El VY (pronounced like the plural of Elvis, according to the press release) have apparently been working on their debut for years. The duo of The National’s Matt Berninger and Brent Knopf of Ramona Falls and Menomena has been particular about word choice, calling this a collaboration rather than a side project. However, Berninger and Knopf must have been putting in work on the project while also establishing their main projects. At the point at which it was revealed to the public, each musician had a substantial catalog and following, making it impossible to hear this record without drawing immediate connections to the bands that propelled their fame.
Berninger’s vocals on Return to the Moon don’t stray from what National listeners might expect. He’s still building dark-tinted and subversive narratives performed with little surprise. Unlike a National album, however, Knopf elevates the pop element. Collaborations like this frequently edge toward a more experimental approach, allowing the musicians to step outside the constraints of writing and performing alongside their usual band mates. El VY don’t stretch very far, instead sounding more like a direct mashup of The National and Menomena, much the way Dan Auerbach’s attempt to step out of The Black Keys shadow with The Arcs resulted in a Black Keys album with more padding. Return to the Moon is by no means an unenjoyable listen, but it lacks the excitement that would come from two brilliant musical minds trying something different.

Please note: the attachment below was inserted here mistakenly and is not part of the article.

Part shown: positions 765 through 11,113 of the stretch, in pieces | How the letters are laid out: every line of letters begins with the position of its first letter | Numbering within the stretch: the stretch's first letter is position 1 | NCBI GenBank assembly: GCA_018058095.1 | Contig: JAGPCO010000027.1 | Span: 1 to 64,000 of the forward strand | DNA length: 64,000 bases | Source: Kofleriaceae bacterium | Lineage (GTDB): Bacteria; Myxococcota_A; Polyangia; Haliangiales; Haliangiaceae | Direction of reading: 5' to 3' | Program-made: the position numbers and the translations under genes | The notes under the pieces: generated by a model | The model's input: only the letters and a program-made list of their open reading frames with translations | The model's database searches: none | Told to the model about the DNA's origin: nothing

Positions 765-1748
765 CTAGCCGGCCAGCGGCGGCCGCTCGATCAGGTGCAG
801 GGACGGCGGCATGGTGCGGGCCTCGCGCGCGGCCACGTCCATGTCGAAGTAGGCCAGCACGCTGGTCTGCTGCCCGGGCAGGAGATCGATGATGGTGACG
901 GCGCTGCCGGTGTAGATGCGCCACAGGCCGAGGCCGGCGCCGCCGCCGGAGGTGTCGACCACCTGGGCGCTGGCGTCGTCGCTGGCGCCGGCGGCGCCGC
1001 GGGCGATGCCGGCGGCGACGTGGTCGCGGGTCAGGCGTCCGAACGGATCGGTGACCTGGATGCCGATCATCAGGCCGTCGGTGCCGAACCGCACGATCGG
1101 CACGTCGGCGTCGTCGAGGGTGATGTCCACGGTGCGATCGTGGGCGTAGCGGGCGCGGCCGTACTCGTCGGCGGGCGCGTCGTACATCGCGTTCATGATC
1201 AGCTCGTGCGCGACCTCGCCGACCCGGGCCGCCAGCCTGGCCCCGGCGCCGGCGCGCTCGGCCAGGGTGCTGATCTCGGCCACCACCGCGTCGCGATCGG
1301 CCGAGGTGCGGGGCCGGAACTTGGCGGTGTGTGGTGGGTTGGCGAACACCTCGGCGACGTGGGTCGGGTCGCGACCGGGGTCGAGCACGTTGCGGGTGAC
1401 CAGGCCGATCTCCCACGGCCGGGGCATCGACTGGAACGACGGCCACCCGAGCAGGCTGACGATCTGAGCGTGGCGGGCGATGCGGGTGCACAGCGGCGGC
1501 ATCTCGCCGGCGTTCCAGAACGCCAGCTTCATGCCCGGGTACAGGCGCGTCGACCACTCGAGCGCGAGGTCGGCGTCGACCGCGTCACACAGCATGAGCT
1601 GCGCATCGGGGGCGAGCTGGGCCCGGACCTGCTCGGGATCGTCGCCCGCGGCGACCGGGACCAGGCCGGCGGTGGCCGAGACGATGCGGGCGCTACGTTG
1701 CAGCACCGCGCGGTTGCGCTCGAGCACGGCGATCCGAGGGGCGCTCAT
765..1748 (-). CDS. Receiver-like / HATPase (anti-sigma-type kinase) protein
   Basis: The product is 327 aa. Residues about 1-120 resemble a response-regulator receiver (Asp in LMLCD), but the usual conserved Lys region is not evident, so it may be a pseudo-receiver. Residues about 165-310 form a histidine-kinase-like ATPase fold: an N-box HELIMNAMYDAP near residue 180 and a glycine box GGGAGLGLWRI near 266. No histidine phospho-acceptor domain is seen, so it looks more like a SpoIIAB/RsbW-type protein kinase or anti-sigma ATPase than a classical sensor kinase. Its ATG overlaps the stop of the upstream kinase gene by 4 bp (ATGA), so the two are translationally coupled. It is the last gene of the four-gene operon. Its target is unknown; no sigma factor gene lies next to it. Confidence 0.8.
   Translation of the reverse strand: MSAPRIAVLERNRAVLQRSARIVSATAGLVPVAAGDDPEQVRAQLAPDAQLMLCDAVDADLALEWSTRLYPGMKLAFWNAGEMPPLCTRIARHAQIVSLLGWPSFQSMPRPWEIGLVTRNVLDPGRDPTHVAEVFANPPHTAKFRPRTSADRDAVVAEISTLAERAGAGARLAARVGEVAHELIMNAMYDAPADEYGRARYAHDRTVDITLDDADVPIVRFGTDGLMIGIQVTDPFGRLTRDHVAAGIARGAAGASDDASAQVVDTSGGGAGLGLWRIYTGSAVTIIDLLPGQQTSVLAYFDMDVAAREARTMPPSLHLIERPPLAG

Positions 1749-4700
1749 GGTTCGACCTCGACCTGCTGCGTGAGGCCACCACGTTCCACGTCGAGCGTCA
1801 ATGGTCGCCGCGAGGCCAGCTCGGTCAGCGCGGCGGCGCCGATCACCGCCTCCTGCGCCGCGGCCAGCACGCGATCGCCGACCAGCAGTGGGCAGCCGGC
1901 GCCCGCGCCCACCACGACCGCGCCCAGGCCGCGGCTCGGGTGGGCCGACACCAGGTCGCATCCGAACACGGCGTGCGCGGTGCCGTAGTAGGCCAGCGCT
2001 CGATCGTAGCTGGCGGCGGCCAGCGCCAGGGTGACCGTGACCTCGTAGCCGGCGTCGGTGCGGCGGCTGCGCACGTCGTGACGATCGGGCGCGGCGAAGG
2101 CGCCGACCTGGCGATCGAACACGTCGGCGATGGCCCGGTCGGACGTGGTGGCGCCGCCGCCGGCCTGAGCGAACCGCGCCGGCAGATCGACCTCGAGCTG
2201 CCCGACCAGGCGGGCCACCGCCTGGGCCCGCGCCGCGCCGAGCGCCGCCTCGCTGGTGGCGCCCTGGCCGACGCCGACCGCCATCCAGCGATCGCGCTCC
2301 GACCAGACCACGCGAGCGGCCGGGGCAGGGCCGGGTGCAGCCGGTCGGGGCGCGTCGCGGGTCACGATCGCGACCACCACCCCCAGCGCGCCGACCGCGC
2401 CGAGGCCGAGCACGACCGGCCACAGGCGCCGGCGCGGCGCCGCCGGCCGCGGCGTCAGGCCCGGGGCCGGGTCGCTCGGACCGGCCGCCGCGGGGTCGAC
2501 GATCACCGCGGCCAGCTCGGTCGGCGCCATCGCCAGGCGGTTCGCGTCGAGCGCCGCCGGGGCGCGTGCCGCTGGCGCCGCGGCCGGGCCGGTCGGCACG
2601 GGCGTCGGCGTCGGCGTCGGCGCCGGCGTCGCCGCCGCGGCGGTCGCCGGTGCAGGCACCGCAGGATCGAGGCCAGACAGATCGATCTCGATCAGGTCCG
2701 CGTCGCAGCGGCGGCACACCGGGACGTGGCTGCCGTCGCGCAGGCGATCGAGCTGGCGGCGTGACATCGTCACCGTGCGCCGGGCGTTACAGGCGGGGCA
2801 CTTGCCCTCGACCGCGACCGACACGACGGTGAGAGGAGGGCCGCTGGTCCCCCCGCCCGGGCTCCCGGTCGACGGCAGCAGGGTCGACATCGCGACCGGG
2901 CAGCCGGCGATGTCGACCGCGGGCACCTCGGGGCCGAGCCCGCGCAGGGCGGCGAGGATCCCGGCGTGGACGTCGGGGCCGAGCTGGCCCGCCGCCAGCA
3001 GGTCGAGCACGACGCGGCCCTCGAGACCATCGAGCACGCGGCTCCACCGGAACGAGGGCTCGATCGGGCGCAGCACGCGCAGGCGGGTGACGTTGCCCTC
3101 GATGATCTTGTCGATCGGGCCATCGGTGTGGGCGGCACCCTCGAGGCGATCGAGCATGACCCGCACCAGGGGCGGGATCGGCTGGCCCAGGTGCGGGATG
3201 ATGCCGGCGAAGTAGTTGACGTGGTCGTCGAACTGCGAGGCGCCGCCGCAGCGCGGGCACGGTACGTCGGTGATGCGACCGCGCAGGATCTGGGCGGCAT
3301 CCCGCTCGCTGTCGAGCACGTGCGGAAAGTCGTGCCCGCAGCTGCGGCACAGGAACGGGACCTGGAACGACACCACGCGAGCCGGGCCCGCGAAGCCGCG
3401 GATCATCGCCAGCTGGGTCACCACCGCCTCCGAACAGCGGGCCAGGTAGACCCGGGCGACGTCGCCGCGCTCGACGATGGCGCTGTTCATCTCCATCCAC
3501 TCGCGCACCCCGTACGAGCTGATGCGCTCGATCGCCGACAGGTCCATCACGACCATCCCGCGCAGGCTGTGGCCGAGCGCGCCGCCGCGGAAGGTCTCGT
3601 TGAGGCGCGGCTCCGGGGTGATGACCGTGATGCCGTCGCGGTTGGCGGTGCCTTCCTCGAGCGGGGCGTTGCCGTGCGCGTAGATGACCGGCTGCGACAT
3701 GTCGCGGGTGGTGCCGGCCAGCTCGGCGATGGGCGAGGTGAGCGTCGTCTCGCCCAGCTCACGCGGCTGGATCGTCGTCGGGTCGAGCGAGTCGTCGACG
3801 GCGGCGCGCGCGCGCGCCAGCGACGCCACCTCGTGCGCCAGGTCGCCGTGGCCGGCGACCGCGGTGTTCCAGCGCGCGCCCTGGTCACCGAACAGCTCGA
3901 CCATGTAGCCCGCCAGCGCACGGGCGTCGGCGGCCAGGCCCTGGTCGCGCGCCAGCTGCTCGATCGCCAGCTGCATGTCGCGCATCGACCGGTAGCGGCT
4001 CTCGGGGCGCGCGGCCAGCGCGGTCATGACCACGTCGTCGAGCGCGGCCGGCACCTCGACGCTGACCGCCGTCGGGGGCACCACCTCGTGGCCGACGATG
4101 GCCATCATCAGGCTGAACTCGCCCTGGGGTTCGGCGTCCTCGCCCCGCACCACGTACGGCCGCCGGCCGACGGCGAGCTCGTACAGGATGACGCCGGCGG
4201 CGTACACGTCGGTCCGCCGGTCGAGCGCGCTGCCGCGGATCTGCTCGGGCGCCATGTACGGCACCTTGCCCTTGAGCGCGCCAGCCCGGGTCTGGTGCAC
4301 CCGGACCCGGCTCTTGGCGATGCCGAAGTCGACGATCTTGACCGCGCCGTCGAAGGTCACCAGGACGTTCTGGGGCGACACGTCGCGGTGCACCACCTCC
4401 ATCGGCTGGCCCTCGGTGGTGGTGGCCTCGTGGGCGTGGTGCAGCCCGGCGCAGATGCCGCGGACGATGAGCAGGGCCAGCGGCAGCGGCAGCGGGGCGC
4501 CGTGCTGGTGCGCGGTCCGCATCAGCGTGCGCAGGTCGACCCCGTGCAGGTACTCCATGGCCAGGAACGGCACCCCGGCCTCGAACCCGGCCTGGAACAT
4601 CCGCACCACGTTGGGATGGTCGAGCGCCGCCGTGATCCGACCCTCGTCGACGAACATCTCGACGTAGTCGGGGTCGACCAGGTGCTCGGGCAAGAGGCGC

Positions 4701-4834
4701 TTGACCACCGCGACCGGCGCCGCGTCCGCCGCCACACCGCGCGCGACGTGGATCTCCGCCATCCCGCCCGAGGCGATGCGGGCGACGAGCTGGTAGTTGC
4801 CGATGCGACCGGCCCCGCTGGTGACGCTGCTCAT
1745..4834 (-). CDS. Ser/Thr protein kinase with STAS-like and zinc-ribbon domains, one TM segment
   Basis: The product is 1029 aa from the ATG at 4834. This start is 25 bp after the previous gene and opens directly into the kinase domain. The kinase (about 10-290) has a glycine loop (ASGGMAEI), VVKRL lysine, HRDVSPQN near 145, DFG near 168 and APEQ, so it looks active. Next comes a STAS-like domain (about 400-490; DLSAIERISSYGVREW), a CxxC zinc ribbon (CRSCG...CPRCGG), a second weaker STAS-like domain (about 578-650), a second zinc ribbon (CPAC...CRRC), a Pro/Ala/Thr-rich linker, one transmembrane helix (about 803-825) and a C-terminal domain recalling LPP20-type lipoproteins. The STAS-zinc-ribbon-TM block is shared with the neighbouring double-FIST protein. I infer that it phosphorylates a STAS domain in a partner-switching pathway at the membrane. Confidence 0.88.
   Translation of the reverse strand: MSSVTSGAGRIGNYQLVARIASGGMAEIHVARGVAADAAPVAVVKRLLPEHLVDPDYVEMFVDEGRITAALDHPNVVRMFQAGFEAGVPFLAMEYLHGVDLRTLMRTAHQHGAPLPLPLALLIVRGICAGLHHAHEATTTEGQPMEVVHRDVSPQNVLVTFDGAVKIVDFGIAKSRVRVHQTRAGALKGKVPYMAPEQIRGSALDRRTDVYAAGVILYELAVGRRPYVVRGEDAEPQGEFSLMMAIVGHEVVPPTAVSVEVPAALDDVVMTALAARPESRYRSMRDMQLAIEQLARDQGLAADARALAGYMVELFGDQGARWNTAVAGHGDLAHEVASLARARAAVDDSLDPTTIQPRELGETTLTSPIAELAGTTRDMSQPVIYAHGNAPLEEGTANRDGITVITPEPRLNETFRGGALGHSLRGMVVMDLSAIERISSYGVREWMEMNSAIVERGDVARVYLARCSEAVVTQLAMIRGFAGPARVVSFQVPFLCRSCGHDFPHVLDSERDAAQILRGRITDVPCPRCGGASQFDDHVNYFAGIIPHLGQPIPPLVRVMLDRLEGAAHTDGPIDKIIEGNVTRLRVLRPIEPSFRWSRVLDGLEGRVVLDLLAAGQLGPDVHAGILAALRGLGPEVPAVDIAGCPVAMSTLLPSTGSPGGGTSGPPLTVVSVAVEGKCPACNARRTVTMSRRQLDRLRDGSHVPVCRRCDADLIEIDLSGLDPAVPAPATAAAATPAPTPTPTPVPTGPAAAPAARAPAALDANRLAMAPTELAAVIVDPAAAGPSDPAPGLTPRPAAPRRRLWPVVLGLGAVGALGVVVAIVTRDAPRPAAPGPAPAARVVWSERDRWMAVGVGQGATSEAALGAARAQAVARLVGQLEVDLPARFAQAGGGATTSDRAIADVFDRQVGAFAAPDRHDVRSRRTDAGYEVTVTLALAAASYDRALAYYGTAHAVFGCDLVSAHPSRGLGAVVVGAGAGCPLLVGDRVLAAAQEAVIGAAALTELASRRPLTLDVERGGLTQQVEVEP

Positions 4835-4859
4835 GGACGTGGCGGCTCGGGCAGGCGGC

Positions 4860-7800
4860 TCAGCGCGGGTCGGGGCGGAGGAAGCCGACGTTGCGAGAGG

There are a few cuts that come close to pushing the creative envelope, and even a couple of near-earworms. Knopf shows off his quick, catchy guitar picking on the title track, over a bed of clapping percussion and a snappy bass. “I’m the Man to Be” opens with an atmospheric build that resembles chirping crickets or cicadas on a summer evening into the only instance on this record where Berninger’s vocals differ from his usual angsty crooning. The track’s speak-singing and rowdy female backing vocals punctuate the anxious, subtle grit of the musical arrangement. Knopf flexes his musical muscles on “No Time to Crank the Sun”, the track teetering back and forth, prodding Berninger’s weary voice.
It’s undoubtedly healthy for musicians to step outside of their main project to spread their wings and create something new. But in the end, the project reads as only a slight tweak on Berninger and Knopf’s established voices. There are a few flashes of genius on Return to the Moon when given a close listen, suggesting there’s still potential for a great album from the duo — they just need the strength to forget what they know.
Essential Tracks: “Return to The Moon”, “I’m the Man to Be”, and “No Time to Crank the Sun”